What to expect from your Business Education
Business studies must prepare people for the big difference between the cosy classroom environment and the realities of today's business world.
Anyone thinking of embarking on a business education must ask himself or herself a basic question, 'what should a business education give me?' The answer would seem to be obvious; business knowledge. But what does that mean?
Business is a practical subject. Everyone agrees with this, but when one looks at the way business is taught sometimes, it seems too easily to be forgotten.
Why is business a practical subject? Because in business you have to DO things; take decisions; take action; monitor results. You cannot operate any business by just planning what to do on paper. Planning is, of course, an important step in the process, but there are many examples of businesses that have had excellent plans but failed because no one implemented the ideas.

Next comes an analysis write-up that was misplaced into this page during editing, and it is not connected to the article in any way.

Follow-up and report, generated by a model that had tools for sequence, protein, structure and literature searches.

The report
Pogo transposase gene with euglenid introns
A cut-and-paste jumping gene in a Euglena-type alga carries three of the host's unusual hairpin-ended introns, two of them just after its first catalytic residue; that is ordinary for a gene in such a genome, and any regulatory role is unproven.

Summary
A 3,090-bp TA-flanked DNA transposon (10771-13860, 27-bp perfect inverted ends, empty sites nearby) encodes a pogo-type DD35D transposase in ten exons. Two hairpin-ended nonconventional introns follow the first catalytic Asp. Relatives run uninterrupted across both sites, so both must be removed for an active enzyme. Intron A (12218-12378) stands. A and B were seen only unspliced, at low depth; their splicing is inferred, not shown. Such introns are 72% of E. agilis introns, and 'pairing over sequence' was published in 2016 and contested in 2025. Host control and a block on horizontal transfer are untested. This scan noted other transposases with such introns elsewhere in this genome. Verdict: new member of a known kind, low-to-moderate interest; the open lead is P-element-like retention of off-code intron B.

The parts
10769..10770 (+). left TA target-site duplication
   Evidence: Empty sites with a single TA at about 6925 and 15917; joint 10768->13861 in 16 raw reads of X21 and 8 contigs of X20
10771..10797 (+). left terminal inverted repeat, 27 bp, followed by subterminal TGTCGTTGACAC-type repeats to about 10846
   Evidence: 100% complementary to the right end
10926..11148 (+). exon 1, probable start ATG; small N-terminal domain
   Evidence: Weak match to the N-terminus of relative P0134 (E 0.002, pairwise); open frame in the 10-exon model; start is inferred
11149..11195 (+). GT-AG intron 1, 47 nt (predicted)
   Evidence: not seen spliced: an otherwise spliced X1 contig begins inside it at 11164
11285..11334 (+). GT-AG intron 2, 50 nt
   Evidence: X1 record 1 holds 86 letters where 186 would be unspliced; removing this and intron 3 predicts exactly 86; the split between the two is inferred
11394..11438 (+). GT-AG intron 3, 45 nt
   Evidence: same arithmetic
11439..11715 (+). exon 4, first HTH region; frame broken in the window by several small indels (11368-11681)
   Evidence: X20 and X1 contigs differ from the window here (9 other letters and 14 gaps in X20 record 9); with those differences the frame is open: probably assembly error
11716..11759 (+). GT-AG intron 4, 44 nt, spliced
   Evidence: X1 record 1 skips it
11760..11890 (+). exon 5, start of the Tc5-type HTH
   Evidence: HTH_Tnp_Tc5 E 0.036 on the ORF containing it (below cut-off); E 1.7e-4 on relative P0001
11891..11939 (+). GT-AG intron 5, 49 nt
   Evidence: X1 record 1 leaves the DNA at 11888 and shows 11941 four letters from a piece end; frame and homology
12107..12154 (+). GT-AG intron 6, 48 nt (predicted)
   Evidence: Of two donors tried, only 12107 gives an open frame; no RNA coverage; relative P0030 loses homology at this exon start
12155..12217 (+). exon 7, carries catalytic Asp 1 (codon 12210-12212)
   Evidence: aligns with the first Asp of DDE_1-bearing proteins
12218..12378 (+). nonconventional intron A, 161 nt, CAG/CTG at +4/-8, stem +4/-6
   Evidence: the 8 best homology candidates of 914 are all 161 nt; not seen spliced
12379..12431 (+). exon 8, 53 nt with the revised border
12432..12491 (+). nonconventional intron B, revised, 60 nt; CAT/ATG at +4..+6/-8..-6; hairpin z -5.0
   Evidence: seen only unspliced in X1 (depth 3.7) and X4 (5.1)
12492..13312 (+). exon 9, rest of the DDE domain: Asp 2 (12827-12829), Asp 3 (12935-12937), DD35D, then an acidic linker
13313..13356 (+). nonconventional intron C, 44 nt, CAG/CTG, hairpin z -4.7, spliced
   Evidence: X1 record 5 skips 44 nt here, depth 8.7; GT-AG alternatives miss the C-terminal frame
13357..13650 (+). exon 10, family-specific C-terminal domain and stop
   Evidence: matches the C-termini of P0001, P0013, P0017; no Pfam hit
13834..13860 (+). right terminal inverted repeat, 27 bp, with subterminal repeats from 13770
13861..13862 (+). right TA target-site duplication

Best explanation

Learning from business practitioners
So, you might ask, isn't the best way to learn about how to do business, to work in a business and learn from others? The answer is: No.
In the heat of battle you cannot learn to fight. There are too many day-to-day pressures, and few people have the time and/or the capability to explain what is happening and why. The reason for decisions must be explained in a way that allows a greater learning experience than just solving that particular problem at that time.
How can the dynamism of real business be simulated in the classroom?